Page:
Apex’s comment (risk, taxes and entrepreneurship)
Apex wrote the following:
You presume a level of risk calculation that almost no entrepreneur ever makes. There are two general kinds of entrepreneurs. One is the kind that simply wants to be in charge of his own business. he is not dreaming of vast riches, just making his own money his own way. If he does well he assumes he will do better than if he works for someone else but either way he will run things his way and make enough and that is why he does it. This by the way is most entrepreneurs. As time goes on if things go well they may try to expand and get bigger but they just want to get away from “the man.” These are restaurant owners, insurance agents, real estate agents, independent electricians, plumbers, handymen, beauty shop owners, wedding photographers (or any photographers), etc, etc, etc. There are 10s of millions of these people and very few of them are going to get rich and they aren’t thinking about it in those terms either.
The second kind of entrepreneur is the one who starts his own new business venture to create the next great product or service with visions of making it big. There are far less of these entrepreneurs but there are still quite a lot of them. These are the innovators 1% of whom will create new and amazing things and the rest will go broke. This is the risk you are talking about. But here is where you go wrong. Exactly 0% of these people ever do the risk analysis you are talking about. These people are high rollers, big talkers and even bigger believers. They see themselves as better than everyone else, smarter than everyone else, and destined for greatness. They would not do an analysis that determined their mathematical expectation based on a 100 million dollar payout and a 1% success rate. That kind of silly math experiment would never enter their mind. They are the kind to jump first and ask questions later. They would never even consider a risk analysis because that would presume some reasonable chance of failure for which they see almost none. If by some chance they were to do such an analysis their expected gain would be more like 1 billion and their chance of failure would be something like 1 in 2. Entrepreneurs in this category have a level of excessive optimism that defies all logic. They are also nearly clueless about tax law at the time they are even thinking about starting this business, so the idea that they would need to discount their gains by tax law would never enter their minds. This excessive optimism is actually critical to their success. Studies of successful businesses shows that those that succeed are the ones that believed they could and were successful in convincing everyone working on the projects of their assured success even in the face of obstacles that should have caused them to become defeated and give up. It doesn’t guarantee success by any means but it is necessary to end up in the 1% who do succeed.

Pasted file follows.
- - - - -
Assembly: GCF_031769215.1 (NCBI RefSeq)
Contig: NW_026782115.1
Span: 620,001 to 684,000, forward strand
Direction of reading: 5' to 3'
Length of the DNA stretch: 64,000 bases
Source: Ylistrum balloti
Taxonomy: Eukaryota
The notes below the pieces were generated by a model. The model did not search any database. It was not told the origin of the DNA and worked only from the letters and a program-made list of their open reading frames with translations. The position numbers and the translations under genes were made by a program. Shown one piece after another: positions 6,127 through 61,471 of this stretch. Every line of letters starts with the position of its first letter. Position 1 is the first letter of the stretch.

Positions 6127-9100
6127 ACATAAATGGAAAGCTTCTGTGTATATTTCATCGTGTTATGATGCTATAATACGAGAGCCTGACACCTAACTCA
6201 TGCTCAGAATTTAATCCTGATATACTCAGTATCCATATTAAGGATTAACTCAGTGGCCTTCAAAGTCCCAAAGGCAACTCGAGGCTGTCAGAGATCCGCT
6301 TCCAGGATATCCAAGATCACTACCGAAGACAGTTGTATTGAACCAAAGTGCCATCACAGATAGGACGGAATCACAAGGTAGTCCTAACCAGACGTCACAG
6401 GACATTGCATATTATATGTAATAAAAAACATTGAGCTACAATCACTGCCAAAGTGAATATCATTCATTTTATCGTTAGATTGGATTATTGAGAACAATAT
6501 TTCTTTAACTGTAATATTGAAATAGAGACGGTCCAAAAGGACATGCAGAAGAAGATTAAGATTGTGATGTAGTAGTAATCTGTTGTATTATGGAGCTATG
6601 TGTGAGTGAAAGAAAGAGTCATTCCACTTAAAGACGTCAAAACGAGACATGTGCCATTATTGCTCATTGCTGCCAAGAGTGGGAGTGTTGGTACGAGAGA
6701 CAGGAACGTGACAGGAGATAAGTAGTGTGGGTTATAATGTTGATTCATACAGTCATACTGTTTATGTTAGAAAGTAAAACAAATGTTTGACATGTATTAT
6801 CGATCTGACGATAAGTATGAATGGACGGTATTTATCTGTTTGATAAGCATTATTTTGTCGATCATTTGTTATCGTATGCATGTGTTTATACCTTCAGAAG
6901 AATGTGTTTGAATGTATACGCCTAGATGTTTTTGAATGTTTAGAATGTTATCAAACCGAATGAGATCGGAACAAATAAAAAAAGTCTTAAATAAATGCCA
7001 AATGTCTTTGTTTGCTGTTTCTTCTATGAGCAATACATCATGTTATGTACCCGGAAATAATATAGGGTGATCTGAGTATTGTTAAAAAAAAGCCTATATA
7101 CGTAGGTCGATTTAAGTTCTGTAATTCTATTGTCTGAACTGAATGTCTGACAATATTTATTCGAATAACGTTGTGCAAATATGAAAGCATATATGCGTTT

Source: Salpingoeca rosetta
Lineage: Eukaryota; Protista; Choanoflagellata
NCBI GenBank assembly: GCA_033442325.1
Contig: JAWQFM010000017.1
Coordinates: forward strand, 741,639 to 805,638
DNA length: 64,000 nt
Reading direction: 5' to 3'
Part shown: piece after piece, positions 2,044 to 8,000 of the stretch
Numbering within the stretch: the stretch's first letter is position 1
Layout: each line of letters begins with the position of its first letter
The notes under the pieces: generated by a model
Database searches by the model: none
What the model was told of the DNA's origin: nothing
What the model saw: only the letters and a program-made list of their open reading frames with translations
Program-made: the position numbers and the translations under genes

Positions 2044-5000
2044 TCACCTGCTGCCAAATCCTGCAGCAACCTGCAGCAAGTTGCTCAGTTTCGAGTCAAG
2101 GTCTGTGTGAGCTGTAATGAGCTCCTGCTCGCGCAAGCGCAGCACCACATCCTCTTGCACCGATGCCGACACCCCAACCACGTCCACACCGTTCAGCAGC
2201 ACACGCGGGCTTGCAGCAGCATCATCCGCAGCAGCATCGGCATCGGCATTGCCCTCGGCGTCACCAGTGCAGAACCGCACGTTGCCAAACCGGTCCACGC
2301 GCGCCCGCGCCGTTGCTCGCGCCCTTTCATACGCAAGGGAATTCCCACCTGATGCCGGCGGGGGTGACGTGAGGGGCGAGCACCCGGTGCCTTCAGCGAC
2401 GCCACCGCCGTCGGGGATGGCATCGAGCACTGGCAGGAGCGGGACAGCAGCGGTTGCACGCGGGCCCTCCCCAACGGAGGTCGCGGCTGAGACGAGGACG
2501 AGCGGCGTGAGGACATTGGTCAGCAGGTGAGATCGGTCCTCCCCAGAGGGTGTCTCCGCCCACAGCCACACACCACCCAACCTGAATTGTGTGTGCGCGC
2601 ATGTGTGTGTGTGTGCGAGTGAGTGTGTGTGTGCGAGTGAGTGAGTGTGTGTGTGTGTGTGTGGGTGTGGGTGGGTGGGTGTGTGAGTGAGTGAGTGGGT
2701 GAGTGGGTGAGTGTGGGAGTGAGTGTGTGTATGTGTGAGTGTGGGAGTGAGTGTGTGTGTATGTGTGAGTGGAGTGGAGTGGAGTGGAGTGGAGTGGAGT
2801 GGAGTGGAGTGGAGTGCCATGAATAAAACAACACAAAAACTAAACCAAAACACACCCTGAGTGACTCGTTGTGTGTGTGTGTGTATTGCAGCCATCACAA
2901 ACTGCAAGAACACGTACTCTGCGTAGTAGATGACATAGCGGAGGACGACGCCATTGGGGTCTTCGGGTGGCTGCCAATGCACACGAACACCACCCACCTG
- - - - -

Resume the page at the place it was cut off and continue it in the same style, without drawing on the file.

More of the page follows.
I have been partnered with these second kind of entrepreneurs by the way so while I have read business books about this kind of entrepreneurial optimism, I have also seen it first hand. I know how these people think and they don’t think rationally. Unfortunately that appears to be a necessary trait for the few who will succeed wildly. We all know by know that Steve jobs for famous for it with what everyone around him referred to as his “reality distortion field”
Now as to Venture Capital and getting some wild hair brained idea funded, that’s an entirely different story. I can’t say I have much experience with that side of the equation. I assume that the risk calculations and tax consequences will be considered more heavily there. However the people we have been throwing around here like Gates, Jobs, Brin, Zuckerburg, etc, didn’t have to go get VC on a hair brained idea. They were able to boot strap it until they already had something worth investing in before they had to go get VC. They all did it out of garages or dorm rooms, and they didn’t do any risk analysis based on mathematical expectations of success discounted by tax rates.